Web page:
Nevada:Sanders has 6x the Supporters as Clinton

February 17, 2016
By

(This article was first published on Econometrics by Simulation, and kindly contributed to R-bloggers)

The most recent three polls coming out of Nevada have surprised many by indicating that Sanders is tied with Clinton for the primary vote in that state. This news is shocking to many because the previous five polls done in that state indicated Clinton had a commanding lead. However, those previous polls were old with the most recent one collected in December.

When the first poll, of the new year came out on February 8th surveying a massive 1236 people in Nevada, the not-fake-news website DailyNewsBin.com published an article explaining that the poll was a fake manufactured by Republicans in an attempt to undermine Hillary Clinton’s campaign. This of course, coming from a totally legitimate website, coincidentally established in the summer of 2015, which bans commenters who don’t support Hillary Clinton, and almost exclusively publishes articles expressly supporting Hillary Clinton.

Fortunately for those of us supportive of the iconoclast Bernie Sanders, further surveys have confirmed the statistical tie between the candidates.

Yet, a basis for believing that Sanders has equal support in Nevada should not come as a surprise to anybody tracking donor information from the state as far back as December of 2015. Based on the year-end information for 2015 logged with the FEC, in Nevada Sanders had 1450 contributions compared with only 1361 from Clinton.

Not only did Sanders have more logged contributions in Nevada than Clinton for 2015, if you look at contributions over time there has been a steep growth in both number of contributions and the number of contributors (Figures 1 and 2).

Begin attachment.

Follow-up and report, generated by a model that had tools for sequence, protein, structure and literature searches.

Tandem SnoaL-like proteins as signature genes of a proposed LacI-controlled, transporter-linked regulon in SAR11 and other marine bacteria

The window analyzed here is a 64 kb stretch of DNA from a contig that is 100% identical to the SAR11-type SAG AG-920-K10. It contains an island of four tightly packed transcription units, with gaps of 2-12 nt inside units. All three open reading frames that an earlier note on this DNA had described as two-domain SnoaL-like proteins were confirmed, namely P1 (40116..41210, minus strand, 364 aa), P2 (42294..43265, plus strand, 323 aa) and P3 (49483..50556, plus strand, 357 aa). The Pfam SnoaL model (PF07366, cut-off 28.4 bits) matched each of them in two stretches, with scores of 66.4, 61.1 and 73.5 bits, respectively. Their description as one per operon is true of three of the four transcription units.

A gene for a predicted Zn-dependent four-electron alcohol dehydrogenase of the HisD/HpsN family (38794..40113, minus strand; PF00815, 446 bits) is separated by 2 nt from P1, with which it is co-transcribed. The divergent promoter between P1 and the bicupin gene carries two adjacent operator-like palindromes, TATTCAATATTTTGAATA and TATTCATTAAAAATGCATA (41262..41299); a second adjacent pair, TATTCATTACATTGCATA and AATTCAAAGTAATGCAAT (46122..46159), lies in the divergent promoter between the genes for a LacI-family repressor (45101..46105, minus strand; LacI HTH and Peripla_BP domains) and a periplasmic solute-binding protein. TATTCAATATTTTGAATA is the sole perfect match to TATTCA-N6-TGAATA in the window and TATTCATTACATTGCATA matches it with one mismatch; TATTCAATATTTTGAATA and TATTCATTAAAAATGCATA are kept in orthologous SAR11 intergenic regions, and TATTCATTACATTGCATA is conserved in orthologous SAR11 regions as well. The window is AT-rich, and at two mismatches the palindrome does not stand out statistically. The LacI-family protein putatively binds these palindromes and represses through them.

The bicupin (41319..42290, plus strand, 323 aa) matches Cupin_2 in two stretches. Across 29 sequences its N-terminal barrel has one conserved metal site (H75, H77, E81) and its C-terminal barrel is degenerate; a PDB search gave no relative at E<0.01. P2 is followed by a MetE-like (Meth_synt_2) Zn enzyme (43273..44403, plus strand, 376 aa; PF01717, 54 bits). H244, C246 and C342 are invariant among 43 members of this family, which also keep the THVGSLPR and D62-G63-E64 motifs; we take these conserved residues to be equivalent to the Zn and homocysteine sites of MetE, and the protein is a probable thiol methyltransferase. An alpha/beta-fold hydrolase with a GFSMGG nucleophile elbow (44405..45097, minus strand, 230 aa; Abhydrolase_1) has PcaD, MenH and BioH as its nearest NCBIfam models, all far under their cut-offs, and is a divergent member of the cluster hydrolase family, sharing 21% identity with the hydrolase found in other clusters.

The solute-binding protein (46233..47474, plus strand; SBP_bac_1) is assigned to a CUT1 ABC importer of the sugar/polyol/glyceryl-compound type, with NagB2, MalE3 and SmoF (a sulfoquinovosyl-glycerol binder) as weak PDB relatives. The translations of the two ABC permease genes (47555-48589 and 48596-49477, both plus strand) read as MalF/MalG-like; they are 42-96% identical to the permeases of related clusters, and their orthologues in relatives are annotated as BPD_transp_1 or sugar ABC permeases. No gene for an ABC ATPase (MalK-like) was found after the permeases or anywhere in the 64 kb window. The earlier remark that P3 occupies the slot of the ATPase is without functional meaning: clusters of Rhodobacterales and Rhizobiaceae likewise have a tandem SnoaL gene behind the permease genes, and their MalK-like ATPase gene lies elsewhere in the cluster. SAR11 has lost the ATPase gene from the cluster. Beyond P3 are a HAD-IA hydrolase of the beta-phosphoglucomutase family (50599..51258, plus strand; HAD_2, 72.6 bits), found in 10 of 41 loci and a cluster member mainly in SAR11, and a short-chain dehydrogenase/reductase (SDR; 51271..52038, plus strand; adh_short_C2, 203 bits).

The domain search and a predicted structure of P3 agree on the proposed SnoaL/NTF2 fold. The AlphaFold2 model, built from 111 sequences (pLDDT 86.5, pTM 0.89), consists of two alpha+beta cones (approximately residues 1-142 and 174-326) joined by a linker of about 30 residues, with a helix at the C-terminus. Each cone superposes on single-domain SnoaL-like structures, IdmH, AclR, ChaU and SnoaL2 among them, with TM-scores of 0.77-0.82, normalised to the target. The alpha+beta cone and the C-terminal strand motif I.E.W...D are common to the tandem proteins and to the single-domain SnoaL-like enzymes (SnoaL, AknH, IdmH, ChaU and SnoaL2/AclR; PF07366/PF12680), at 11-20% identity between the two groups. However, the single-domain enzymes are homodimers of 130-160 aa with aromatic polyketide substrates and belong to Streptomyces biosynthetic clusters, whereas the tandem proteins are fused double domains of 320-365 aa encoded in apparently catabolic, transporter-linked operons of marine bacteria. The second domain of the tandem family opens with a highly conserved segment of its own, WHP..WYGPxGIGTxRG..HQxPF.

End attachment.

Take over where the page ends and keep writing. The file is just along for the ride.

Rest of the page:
Figure 1: Number of contributions to each democratic campaign over time.
Figure 2: Number of contributors to each democratic campaign over time.

Both of these figures show the real struggle Clinton has had in picking up support from the general population relative to her populist rival Sanders. Yet, these graphs vastly underestimate the number of supporters Bernie has relative to his rival. This is because the vast majority of contributions are from supporters who are giving less the FEC mandating reporting minimum of $200.

For Sanders is backed largely by small money with only 26% of his support itemized and reported to the FEC while Clinton on the other hand is backed by big money from a relatively few number of contributors and therefore reports 84% of her contributions. If we make the simple assumption that those contributions which are not reported look pretty much the same as those which are reported then the picture becomes even more dramatic (Figures 3 and 4).

Figure 3: Number of contributions over time in Nevada adjusted for missing observations.
Figure 4: Number of contributors over time in Nevada adjusted for missing observations. By December the gap of support between candidates is a chasm with Sanders have an estimated 6.4 times as many supporters as Clinton in Nevada.

Form Figures 3 and 4 we can see that the number of people willing to put their personal money in to back Sanders in Nevada is vastly greater than those supporting Hillary Clinton. Not only that, but those numbers have continued to grow over time while Clinton’s numbers have remained relatively stagnant.

It is unclear as to how the number of people willing to put their money behind a candidate relates to how the general population of voters will vote. Yet those members of the Clinton campaign, including the folks at the not-fake-news website DailyNewsBin.com, must find these numbers combined with those of the polls at least somewhat worrying.

Code: GitHub

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